It's All In The Name:
The SEC recently charged Robert Ray White Samples, principal of Pot O' Gold Financial Services in Denver, Colo., with misappropriating more than $1 million from 31 investors through two fraudulent investment schemes. The complaint alleges that Samples offered and sold $1 million worth of Pot O' Gold's private capital accounts to the public, assuring investors the monies would be pooled together, and invested in primarily fixed-income securities, as well as an auto-loan program under Samples' management. The SEC also alleges Samples gathered as much as $65,000 from investors for POG's Investment Club, which he told investors he put in brokerage accounts for investment in securities, which he would then manage for a fee. Instead, the SEC says Samples spent the money on a new home, two timeshare condominiums, cars and personal credit card debt. A federal district court has frozen POG's assets, and ordered an accounting while the investigation continues.
Profiting From Tragedy:
Former MetLife broker Kevin Dunn was indicted in October for his participation in a scheme to defraud the widow of a man who died in the terrorist attacks on September 11, 2001 out of the approximately $2 million settlement benefit she received from a victim's fund. Dunn, a long-time friend of the victim, allegedly helped her set up a brokerage and annuity account with his firm after she asked for investment advice. Prosecutors say Dunn allegedly defrauded the widow out of $250,000 over the next several years. On more than one occasion he told her something was wrong with her account, and that she should withdraw some funds, send him a blank check and he would remedy the problem. Prosecutors say he put the money in his own account instead, even opened a joint MetLife account with his and her name on it, forged her signature, and used a different address so that the victim wouldn't receive any brokerage statements. Dunn faces a maximum sentence of 20 years in prison if convicted of mail and wire fraud.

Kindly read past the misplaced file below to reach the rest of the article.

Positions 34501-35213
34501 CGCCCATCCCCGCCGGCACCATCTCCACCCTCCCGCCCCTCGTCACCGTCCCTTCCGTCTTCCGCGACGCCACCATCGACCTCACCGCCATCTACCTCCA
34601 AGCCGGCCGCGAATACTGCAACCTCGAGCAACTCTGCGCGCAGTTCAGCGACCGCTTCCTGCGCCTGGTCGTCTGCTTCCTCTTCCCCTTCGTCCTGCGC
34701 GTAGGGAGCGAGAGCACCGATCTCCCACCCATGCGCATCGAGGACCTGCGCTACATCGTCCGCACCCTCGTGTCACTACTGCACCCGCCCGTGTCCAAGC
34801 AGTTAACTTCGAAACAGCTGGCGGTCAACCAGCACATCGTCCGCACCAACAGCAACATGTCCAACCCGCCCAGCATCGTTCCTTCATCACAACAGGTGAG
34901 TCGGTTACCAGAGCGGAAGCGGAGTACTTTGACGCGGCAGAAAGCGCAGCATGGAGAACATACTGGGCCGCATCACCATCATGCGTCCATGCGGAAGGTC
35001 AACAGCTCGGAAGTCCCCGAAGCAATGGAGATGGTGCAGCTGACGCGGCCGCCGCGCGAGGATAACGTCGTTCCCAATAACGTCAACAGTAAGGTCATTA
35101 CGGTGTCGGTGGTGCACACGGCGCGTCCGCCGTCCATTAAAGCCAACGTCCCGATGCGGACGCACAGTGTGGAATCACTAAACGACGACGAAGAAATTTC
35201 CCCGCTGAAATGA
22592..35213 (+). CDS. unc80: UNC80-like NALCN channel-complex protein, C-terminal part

Some 2,700 female Morgan Stanley advisors and trainees (oh, and their lawyers) just got $46 million richer. A federal judge approved settlement of the class action lawsuit six months after the women settled with the firm. The plaintiffs' case, which says the firm discriminated against women with respect to account distributions, compensation, training and promotions, covers those women who worked at Morgan Stanley between August 5, 2003 and June 30, 2007. Morgan Stanley says it will institute programs designed to advance the success of female financial advisors at the firm.